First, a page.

Anything that we can do to reduce our distractions and dial down the background noise is going to help us produce better work. So in the spirit of simplification, three perspectives on how to reduce “brain clutter” and streamline your workflow:
1. Simplicity of Access: centralize your essential materials.
If your work materials are scattered all over the place, it’s difficult to be productive. Instead of solving problems, you spend your time trying to remember where things are, or on transferring them to where they should be. Rather than finishing the blog post you need to publish, you’re trying to figure out if it’s on your laptop at home, or your desktop at the office. Rather than executing on your action steps from last week’s meeting, you’re trying to remember where you wrote them down.
If this type of scenario sounds familiar, it’s time to centralize. I personally use the cloud for most things: Gmail for all my email, GoogleDocs for text documents and spreadsheets, and Dropbox for storing files. I’m constantly working between home, the office, and other random locations, so it makes remembering where everything is a no-brainer. For my task list, I use a notepad, because a key part of remembering what I have to do is physically writing it down.
Of course, how to centralize depends on your specific needs, so your solution may be completely different than mine. For instance, Levenger’s Steve Leveen can’t store all of his organizational tools in the proverbial cloud, so he keeps a supply drawer – with identical materials – in both of his work locations.
2. Simplicity of Space: give yourself a blank slate for creation.
As we all know, creatives are distractible creatures – and a messy desk doesn’t help. Erin Doland of Unclutterer paraphrases a recent study published by the Princeton University Neuroscience Institute in which science confirms what we’ve always suspected:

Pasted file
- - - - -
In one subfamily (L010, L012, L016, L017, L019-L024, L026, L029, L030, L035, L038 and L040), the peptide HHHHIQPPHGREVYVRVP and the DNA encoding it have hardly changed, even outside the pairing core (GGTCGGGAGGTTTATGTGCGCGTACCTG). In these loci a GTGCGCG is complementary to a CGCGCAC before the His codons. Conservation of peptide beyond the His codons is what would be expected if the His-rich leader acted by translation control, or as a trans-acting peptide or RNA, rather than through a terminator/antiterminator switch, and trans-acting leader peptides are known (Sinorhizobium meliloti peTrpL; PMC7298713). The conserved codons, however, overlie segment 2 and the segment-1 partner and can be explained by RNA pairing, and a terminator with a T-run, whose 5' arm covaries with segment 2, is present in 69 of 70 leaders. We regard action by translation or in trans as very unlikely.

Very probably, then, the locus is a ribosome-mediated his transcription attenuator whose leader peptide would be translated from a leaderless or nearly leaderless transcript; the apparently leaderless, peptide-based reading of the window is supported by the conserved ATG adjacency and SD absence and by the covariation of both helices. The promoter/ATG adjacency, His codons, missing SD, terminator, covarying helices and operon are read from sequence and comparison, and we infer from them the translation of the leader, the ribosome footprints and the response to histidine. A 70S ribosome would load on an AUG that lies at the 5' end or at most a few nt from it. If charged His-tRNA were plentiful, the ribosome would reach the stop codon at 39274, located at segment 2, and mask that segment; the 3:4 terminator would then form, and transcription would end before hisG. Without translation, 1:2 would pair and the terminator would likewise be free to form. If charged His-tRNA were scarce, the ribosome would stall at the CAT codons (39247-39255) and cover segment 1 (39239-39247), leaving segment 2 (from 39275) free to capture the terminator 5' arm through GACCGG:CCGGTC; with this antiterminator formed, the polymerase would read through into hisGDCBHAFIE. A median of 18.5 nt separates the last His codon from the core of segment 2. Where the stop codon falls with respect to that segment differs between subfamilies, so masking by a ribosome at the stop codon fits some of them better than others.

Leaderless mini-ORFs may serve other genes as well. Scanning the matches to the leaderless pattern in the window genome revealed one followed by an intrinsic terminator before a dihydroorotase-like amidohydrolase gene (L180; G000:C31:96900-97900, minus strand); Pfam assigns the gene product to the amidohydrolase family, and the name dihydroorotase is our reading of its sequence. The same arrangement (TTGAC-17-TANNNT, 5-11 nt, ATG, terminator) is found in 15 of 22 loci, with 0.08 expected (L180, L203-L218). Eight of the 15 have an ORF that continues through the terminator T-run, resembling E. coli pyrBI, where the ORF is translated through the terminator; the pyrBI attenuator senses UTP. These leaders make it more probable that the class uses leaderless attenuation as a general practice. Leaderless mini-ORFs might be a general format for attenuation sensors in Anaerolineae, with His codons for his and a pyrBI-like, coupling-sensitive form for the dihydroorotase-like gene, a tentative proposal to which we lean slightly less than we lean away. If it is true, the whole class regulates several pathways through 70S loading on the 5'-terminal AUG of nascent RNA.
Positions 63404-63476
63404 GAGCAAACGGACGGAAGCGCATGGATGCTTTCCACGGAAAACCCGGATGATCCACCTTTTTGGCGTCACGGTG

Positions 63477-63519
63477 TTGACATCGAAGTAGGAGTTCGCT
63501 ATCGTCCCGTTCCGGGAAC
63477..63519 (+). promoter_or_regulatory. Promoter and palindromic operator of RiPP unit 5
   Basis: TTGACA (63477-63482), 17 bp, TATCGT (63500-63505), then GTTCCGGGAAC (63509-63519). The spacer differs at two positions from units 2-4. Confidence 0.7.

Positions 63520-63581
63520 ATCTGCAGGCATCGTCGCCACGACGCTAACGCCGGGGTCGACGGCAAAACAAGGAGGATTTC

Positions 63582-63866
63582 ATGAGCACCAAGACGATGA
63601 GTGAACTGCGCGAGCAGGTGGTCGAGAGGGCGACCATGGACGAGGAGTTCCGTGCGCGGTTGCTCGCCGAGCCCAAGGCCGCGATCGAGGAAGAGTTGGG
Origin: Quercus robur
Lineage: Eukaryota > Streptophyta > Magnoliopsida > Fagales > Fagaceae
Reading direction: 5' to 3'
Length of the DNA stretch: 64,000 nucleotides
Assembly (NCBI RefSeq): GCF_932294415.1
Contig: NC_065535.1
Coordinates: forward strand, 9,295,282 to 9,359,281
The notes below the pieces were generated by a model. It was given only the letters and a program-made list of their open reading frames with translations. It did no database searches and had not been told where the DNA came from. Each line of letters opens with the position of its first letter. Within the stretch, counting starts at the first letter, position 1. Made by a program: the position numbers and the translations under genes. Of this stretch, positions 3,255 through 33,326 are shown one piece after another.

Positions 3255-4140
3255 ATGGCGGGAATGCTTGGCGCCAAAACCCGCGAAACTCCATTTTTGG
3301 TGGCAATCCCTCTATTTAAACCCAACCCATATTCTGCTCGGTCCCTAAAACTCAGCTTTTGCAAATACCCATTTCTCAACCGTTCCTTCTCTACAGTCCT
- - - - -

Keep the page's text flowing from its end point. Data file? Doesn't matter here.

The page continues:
In short, there’s a reason why yoga studios don’t look like your grandmother’s attic: It ain’t zen. If you want to increase your efficiency, you need to reduce distractions. Consider removing everything from your desktop that isn’t absolutely essential to the work you do every day. If that isn’t possible, try to find a quiet retreat elsewhere – whether it’s a conference room, an empty work table, or a nook at your local coffeeshop.
3. Simplicity of Tools: explore your ideas with pen and paper.
We’ve become so accustomed to using advanced tools that we sometimes forget how efficient we can be with a pen and paper. Yet, in the early stages of developing an idea, quickly sketching out your thoughts on paper is often the best approach. As designer Mike Rohde writes, “Sketching provides a unique space that can help you think differently, generate a variety of ideas quickly, explore alternatives with less risk, and encourage constructive discussions.”
While complex programs are great for creating finished products, they’re not necessarily the quickest way to figure out the broad strokes of a solution. So ask yourself: Are you pushing around pixels in Photoshop, when you could be sketching? Are you fiddling around needlessly with PowerPoint effects, when you could just storyboard your talk on index cards?
If there’s a simpler way, challenge yourself to try it. It just might be faster.
How Do You Simplify?
What have you done to simplify your workflow that’s worked well?